- Medicare, Medicaid and private payers cover 82% of retail prescription drug spending, according to a new Kaiser Family Foundation (KFF) analysis.
- Private health insurers represented the largest slice of the overall retail drug spend at 42%, followed by Medicare at 30% and Medicaid at 10%. Patients, through out-of-pocket costs, and other payers accounted for the remaining 18% — at 14% and 4%, respectively.
- A disproportionate amount of money went toward a relatively tiny group of drugs, KFF found, with the top five pharmaceuticals accounting for a minimum of 10% of overall drug spend across Medicare Part D, Medicaid and large employer plans. The top 50 drugs were responsible for 40%.
Estimates on the cost of prescription drugs vary, due in part to inconsistency in calculation methods. Still, players across the healthcare spectrum agree the cost of prescription drugs is unsustainably high, and the subject has been in the regulatory spotlight for some time now.
The White House unveiled a blueprint to tackle prescription drug affordability more than a year ago with much fanfare, although Wall Street and academics criticized the plan as doing little to move the needle on real reform.
Over the past several months, the Department of Health and Human Services has released more targeted (and more controversial) measures. In October, it pitched a plan to create an “International Pricing Index” that would tie Medicare Part B drug prices in the U.S. to their equivalent, often starkly lower prices in foreign countries.
The plan, which would likely be effective in lowering drug prices but slam drugmakers’ stock prices and revenue, is still in the initial stages of the rulemaking process.
And earlier this month, the department finalized a rule to require pharmaceutical companies to disclose the list price of their drugs in direct-to-consumer television ads. Though the powerful pharma lobby clapped back by emphasizing the fact that the list price is rarely what the consumer actually pays, the measure is meant to shame companies into lowering the initial price tag of their drugs, according to HHS officials.
Multiple studies have shown high prescription drug costs are linked to higher healthcare spending across the board. The hope is that if drugmakers lower their list prices, savings will trickle down across the healthcare system.
KFF found wide variation in which drugs account for the most spend across Medicare Part D, Medicaid and commercial payers, with AbbVie’s best-selling anti-inflammatory drug Humira (adalimumab) snagging the top spot for large employers and Gilead’s hepatitis C medication Harvoni (ledipasvir/sofosbuvir) accounting for the most spend in Medicare Part D and Medicaid.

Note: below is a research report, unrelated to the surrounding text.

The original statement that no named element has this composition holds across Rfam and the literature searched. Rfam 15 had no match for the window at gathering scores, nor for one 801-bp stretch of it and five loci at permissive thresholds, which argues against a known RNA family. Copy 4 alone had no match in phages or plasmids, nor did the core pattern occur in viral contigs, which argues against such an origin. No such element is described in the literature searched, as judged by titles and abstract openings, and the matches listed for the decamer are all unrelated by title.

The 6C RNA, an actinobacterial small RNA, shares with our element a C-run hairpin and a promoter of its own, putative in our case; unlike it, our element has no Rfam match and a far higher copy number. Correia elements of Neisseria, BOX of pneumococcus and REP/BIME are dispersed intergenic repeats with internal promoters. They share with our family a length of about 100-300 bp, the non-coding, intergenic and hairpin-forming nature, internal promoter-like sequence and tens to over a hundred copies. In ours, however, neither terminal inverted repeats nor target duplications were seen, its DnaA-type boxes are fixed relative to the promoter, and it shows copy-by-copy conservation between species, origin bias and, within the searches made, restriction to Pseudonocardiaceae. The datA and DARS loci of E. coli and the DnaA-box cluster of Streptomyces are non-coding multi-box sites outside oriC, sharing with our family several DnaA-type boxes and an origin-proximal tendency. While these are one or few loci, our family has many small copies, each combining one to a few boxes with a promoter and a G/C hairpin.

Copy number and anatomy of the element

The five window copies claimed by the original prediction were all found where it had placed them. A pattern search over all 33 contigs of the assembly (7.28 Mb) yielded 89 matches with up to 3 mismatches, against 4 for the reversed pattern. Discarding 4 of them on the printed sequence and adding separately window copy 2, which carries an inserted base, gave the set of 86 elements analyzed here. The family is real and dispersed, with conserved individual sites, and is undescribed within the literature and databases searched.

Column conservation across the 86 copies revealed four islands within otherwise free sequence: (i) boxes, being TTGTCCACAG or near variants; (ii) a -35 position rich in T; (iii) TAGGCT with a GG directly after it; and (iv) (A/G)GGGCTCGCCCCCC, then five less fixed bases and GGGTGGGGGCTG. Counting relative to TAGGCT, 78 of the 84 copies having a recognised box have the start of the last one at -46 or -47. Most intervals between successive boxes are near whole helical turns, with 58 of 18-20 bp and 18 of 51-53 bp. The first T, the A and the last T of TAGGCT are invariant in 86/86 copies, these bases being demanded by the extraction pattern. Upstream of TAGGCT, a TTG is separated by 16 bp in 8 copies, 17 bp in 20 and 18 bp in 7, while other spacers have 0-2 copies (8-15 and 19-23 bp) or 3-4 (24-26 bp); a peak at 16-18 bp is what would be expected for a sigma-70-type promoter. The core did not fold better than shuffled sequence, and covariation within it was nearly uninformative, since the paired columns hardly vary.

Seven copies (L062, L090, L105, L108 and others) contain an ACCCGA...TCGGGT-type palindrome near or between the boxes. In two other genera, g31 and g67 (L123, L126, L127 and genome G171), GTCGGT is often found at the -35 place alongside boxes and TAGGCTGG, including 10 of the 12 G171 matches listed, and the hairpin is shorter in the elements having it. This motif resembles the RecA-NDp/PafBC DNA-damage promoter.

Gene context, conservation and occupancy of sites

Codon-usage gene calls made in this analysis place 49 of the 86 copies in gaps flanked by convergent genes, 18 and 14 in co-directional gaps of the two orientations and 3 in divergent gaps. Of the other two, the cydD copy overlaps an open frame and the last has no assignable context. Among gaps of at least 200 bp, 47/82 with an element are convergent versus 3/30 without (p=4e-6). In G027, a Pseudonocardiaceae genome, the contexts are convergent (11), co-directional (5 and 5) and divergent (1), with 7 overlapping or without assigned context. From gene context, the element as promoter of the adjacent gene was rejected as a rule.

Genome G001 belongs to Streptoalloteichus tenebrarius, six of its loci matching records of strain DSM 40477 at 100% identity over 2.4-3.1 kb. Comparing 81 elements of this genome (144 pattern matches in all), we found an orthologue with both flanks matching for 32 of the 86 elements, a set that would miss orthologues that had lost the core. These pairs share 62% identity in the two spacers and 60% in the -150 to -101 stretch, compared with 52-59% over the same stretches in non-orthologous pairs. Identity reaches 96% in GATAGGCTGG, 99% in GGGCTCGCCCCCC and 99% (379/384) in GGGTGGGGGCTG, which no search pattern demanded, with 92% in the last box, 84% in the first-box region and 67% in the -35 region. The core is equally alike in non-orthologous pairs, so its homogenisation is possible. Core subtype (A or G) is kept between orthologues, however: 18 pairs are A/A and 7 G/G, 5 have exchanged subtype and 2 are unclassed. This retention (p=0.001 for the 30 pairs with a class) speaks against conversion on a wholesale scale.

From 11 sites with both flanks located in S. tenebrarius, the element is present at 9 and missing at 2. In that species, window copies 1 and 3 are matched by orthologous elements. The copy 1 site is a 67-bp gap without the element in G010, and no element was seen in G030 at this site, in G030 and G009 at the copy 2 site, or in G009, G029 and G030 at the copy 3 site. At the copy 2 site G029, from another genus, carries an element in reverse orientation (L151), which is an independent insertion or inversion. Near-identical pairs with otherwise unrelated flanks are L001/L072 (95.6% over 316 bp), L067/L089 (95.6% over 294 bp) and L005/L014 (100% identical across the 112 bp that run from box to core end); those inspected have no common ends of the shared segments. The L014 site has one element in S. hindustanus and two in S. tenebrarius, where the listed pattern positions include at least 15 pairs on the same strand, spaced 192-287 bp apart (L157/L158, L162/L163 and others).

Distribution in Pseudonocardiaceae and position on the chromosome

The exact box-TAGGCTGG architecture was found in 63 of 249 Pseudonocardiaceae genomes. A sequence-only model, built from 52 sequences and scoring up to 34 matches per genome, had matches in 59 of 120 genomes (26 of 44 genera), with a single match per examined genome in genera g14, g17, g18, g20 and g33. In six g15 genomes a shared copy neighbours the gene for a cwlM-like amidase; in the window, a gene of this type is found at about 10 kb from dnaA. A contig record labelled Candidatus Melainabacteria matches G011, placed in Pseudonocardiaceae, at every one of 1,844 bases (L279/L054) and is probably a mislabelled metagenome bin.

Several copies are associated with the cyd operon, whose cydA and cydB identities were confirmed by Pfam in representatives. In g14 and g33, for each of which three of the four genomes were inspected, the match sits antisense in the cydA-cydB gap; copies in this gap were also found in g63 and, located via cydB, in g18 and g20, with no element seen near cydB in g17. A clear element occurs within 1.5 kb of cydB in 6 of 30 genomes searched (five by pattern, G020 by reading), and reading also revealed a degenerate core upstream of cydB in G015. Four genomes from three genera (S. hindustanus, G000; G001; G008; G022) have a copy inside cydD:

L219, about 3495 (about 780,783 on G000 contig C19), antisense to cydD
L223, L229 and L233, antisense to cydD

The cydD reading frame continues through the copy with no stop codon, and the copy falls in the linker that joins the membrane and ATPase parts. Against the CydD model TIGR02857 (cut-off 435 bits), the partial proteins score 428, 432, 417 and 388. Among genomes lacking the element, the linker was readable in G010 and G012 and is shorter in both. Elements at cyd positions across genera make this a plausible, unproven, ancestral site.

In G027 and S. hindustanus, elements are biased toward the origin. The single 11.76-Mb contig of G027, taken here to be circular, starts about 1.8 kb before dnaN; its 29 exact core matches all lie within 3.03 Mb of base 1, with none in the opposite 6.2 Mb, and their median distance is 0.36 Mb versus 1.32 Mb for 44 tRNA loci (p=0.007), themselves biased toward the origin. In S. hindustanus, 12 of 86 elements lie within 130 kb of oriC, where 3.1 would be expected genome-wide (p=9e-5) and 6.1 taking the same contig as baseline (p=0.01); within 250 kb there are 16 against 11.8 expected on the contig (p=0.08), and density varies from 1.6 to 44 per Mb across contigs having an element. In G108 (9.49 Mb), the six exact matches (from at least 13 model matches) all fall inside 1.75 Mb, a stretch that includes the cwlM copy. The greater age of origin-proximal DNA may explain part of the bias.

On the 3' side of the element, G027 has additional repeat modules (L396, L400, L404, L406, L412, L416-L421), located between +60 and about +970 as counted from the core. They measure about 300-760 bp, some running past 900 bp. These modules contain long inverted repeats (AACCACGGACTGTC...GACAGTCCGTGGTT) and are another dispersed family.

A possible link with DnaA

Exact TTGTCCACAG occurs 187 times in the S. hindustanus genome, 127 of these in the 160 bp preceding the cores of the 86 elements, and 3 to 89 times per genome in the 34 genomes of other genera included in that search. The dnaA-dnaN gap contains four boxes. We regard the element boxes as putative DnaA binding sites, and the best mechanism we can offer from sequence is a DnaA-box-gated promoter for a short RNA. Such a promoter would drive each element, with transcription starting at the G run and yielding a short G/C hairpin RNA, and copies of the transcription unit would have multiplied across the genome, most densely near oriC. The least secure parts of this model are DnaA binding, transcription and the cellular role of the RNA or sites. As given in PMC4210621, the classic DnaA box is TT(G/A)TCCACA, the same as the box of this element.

Humira and Harvoni were the world’s best- and second-best selling drugs, respectively, in 2016.
KFF also found the average annual out-of-pocket spending is higher among patients covered by Medicare Part D than patients covered by their employer. However, spending in both camps was lower in 2016 than a decade prior.
The nonprofit research group chalked up the differences to demographic disparities in patient populations. Employer plans typically cover people with fewer healthcare needs than those in Medicare and Medicaid.
Each group has unique health needs reflected in their insurers’ most-paid-for pharmaceutical. For example, Medicare beneficiaries are more likely to use drugs for high blood pressure and high cholesterol, while members of large employer plans are more likely to use antibiotics and asthma or allergy medications.
Although overlap in specific drugs between large employer plans and Medicare was low, KFF found out-of-pocket drug spending per user in Medicare and employer plans was highest for drugs to treat cancer, multiple sclerosis and rheumatoid arthritis.
KFF conducted the report by looking at 2017 claims data, which doesn’t account for rebates — or money drug manufacturers give pharmacy benefit managers, payers and state Medicaid programs for including their drugs in their formularies or plans. Experts estimate rebates are larger for Medicaid than Medicare Part D or private employers, although specifics are not available.
Another HHS proposal, to end safe harbor protections for drug rebates to PBMs, would hit payers harder than big pharma. Drug manufacturers would receive a “windfall” if the plan is enacted, according to payer lobby America’s Health Insurance Plans, although patients may see some benefit as well in the form of discounts at the pharmacy counter.